What is an Elastic Adhesive Bandage?

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  • Written By: Alice D.
  • Edited By: J.T. Gale
  • Last Modified Date: 30 September 2019
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An elastic adhesive bandage is a bandage made of flexible elasticized fabric designed to cling to itself. It is most often used for compression on sprains, strains, and contusions to limit swelling and reduce internal bleeding. These bandages are also used to secure ice packs or heat packs on an injured body part. They are even used at spas to secure body wraps.

The adhesive quality of the elastic adhesive bandage typically makes it easy to work with. A bandage usually will remain securely in place without loosening or shifting. It clings to itself and not to skin or hair, thereby usually making removal simple and painless.

These bandages are usually made of stretch nylon and rayon. Some of them have a cotton backing to make them more comfortable. Most of them use latex to give them elasticity. There are latex-free varieties available, so it can be important for a person to read the label carefully and choose the one with the most appropriate materials. Generally, they are washable and reusable.


Athletic supply stores and stores that carry first-aid supplies will usually have a wide variety of elastic adhesive bandages in widths from 2 to 4 inches (about 5.08 to 10.16 cm). Elastic bandages typically come in various sizes for different body areas. For example, the 2 or 3 inch (about 5.08 to 7.62 cm) width would work best on a hand or foot. The 4 inch (about 10.16 cm) size would be better for a larger area of the arm or leg. Since athletes use these bandages so much, they are even available in a range of colors so that athletes can coordinate their bandages with their uniforms.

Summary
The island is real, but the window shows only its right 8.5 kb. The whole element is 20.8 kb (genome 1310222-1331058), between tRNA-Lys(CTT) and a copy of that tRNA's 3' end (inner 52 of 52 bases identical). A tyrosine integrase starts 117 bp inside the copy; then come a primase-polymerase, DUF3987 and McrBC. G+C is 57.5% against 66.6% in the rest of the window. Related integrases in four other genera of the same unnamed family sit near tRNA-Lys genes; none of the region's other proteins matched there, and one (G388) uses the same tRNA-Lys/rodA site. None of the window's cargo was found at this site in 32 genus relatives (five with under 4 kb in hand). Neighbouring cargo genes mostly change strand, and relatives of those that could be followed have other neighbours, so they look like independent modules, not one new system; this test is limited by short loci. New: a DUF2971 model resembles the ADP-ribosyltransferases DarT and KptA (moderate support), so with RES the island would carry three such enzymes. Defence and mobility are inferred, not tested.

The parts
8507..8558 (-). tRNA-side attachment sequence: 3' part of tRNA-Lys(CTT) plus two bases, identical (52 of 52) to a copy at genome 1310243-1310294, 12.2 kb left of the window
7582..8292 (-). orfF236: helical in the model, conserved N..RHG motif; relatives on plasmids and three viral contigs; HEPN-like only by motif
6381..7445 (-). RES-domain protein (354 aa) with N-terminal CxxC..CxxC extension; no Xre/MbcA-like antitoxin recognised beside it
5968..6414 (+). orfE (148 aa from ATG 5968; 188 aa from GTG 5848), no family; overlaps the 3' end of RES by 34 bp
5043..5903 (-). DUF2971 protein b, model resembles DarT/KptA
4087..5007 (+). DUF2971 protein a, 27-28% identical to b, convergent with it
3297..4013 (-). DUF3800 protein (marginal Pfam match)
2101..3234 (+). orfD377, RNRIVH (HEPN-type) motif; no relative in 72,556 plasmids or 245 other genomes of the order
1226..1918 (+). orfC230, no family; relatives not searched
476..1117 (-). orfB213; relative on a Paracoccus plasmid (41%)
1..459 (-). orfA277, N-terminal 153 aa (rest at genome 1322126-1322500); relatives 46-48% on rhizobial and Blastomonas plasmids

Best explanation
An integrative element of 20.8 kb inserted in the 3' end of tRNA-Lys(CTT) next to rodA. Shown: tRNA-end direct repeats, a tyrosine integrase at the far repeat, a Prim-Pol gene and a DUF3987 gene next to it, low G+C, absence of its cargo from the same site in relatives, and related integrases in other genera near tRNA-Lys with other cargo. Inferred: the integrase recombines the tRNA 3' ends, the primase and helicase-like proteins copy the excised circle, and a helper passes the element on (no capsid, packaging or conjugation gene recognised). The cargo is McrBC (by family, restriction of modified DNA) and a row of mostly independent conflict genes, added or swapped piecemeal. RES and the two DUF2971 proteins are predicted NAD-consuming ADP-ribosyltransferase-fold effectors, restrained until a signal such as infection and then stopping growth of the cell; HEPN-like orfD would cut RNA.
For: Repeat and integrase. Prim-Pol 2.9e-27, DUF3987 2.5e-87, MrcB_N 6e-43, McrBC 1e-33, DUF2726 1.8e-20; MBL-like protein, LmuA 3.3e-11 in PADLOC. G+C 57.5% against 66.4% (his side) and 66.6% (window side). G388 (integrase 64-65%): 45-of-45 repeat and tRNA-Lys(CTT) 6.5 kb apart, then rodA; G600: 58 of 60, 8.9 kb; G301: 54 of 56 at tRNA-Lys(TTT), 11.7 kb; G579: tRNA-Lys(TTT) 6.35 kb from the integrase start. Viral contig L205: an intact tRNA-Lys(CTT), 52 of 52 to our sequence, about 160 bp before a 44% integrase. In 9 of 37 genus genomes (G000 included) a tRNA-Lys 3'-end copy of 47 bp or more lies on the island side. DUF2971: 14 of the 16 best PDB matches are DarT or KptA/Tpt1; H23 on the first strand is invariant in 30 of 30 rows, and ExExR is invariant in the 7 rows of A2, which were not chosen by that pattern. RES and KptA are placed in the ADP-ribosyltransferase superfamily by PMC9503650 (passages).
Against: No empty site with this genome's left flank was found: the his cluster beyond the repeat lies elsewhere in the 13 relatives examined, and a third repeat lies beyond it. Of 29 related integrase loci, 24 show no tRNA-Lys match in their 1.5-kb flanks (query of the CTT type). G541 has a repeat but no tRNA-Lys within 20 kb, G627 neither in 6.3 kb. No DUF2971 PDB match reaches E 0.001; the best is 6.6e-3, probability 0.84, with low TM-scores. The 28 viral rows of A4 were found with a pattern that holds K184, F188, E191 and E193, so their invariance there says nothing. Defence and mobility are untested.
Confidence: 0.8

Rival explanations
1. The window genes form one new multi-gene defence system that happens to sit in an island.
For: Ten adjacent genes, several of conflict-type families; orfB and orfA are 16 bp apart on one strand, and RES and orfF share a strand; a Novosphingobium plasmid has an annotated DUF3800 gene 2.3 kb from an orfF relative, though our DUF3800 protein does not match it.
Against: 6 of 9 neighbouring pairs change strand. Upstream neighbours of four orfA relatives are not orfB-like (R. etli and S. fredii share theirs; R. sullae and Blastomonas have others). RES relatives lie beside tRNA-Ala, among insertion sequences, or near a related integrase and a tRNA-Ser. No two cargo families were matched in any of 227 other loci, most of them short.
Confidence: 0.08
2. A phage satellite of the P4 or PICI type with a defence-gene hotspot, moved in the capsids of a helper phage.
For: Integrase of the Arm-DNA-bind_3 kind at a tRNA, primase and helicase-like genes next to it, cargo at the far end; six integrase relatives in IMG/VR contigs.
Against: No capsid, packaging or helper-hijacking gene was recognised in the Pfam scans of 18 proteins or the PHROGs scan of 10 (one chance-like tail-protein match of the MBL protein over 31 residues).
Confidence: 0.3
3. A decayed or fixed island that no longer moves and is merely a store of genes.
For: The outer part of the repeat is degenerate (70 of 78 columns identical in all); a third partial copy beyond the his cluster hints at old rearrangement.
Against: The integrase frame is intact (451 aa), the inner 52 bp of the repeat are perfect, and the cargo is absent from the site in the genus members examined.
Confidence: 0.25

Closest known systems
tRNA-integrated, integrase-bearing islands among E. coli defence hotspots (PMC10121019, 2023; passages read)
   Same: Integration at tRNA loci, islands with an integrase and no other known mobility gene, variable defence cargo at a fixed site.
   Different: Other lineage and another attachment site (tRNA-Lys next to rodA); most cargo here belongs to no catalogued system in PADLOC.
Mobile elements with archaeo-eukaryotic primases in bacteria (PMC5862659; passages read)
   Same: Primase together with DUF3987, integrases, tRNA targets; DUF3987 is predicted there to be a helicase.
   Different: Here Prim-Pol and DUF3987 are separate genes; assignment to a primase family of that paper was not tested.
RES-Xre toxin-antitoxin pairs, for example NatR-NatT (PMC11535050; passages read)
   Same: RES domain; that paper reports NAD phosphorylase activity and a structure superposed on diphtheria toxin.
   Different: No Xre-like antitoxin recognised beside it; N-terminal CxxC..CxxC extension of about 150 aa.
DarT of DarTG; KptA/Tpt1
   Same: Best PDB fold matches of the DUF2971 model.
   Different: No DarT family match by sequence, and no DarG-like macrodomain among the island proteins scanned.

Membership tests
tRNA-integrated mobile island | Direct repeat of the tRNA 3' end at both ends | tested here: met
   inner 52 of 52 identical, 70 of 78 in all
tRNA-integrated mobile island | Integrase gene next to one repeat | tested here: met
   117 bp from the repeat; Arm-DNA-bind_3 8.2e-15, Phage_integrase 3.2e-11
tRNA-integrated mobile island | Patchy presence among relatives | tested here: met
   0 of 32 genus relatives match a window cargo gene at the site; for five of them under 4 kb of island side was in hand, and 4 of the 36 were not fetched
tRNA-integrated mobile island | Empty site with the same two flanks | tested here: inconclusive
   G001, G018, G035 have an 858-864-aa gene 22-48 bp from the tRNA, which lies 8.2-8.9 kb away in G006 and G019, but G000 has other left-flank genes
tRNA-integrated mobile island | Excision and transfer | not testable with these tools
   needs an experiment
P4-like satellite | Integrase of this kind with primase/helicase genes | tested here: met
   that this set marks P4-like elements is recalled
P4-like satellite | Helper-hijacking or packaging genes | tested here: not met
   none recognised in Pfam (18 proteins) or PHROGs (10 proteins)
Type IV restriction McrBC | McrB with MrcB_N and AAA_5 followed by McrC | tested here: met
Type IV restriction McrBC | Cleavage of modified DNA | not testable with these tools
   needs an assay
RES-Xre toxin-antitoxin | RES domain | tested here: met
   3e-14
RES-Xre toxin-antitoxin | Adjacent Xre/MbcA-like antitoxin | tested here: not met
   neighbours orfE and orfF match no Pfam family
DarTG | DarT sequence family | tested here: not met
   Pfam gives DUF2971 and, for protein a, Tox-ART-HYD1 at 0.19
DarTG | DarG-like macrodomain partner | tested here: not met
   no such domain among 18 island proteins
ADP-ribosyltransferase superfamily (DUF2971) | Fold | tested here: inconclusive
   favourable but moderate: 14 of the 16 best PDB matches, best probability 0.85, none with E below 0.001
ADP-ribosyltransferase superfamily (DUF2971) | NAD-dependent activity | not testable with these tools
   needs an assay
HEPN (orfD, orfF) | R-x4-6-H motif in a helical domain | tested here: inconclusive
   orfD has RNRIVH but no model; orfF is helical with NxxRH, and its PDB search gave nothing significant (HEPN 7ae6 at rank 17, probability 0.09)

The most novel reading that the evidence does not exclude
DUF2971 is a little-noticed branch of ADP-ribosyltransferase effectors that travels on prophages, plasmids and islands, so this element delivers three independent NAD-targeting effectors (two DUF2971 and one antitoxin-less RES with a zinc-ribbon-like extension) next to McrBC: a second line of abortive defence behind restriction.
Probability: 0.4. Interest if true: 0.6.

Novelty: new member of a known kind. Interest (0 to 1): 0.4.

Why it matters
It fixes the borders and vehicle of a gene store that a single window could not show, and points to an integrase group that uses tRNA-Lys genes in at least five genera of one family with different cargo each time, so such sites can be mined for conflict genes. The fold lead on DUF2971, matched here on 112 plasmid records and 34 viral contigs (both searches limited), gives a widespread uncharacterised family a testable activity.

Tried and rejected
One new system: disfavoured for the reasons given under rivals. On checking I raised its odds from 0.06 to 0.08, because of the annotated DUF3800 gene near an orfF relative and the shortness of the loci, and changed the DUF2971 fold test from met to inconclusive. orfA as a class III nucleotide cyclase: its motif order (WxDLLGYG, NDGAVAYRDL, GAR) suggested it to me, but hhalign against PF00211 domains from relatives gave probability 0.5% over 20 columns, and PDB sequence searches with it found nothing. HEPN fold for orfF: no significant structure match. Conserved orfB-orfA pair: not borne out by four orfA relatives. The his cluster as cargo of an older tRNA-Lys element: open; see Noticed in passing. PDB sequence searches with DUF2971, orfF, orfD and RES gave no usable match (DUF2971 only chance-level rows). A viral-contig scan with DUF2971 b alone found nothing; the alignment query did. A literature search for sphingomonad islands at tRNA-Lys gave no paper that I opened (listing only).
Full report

Bandaging is as much an art as it is a science. Care must be taken to not apply an elastic adhesive bandage so tightly that it will inhibit the flow of blood. It should be tight enough to decrease swelling but not tight enough to cut off circulation. Since these bandages cling to themselves, they do not loosen up over time; therefore, it can be quite important for a person to apply them properly the fist time.

Few human body parts are perfectly symmetrical. For example, the ankle bone sticks outs from the ankle and the arm narrows at the wrist. An elastic adhesive bandage typically can move and stretch to conform to the different shapes of the body.

A sock or washcloth can be used to fill out any hollow areas before an elastic adhesive bandage is applied. To apply the bandage, people typically should begin to wrap from beneath the injured area and work their way up, wrapping securely but not tightly. The bandage should not be pulled so tight that it is stretched out as far as it can go. It usually is important for a person to regularly check for signs that the bandage is too tight. If the injured area turns bluish, tingles, loses feeling, or feels cold, then the bandage typically needs to be adjusted.


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Post 4

I use elastic adhesive bandages a lot because I'm very active. The self-adhesive ones are great because I hate having to deal with safety pins or clips. I just don't recommend the elastic bandages with the velcro ends because the velcro does not last long. It usually rips off after several uses or fails to stick.

Post 3

@ysmina-- I'm not a doctor but I don't think that's a good idea simply because the elastic, adhesive bandage will not allow your wound to breathe. As far as I know, the wound needs to have enough exposure to air, while also being kept clean to heal quickly and without complications. I think elastic bandage will compress it too much and since there are many layers, the wound will not get any air and will not heal.

Elastic adhesive bandages are mostly used after sports injuries for compression. Compression reduces blood flow to the area so that inflammation goes down. So if there is a strain or sprain, an elastic bandage will help with recovery. This type of bandage is not meant to be used as a cover for dressing on open wounds. I think you need to use cotton fabric, breathable surgical bandage. You should ask your doctor for the best advice on what to use.

Post 2

Can I use an elastic adhesive bandage over dressing to keep it clean? I've been using bandage tape but the tape is a pain to remove and I need to change the dressing on my wound daily. I want to keep the dressing in place and clean throughout the day and change it easily the next morning.

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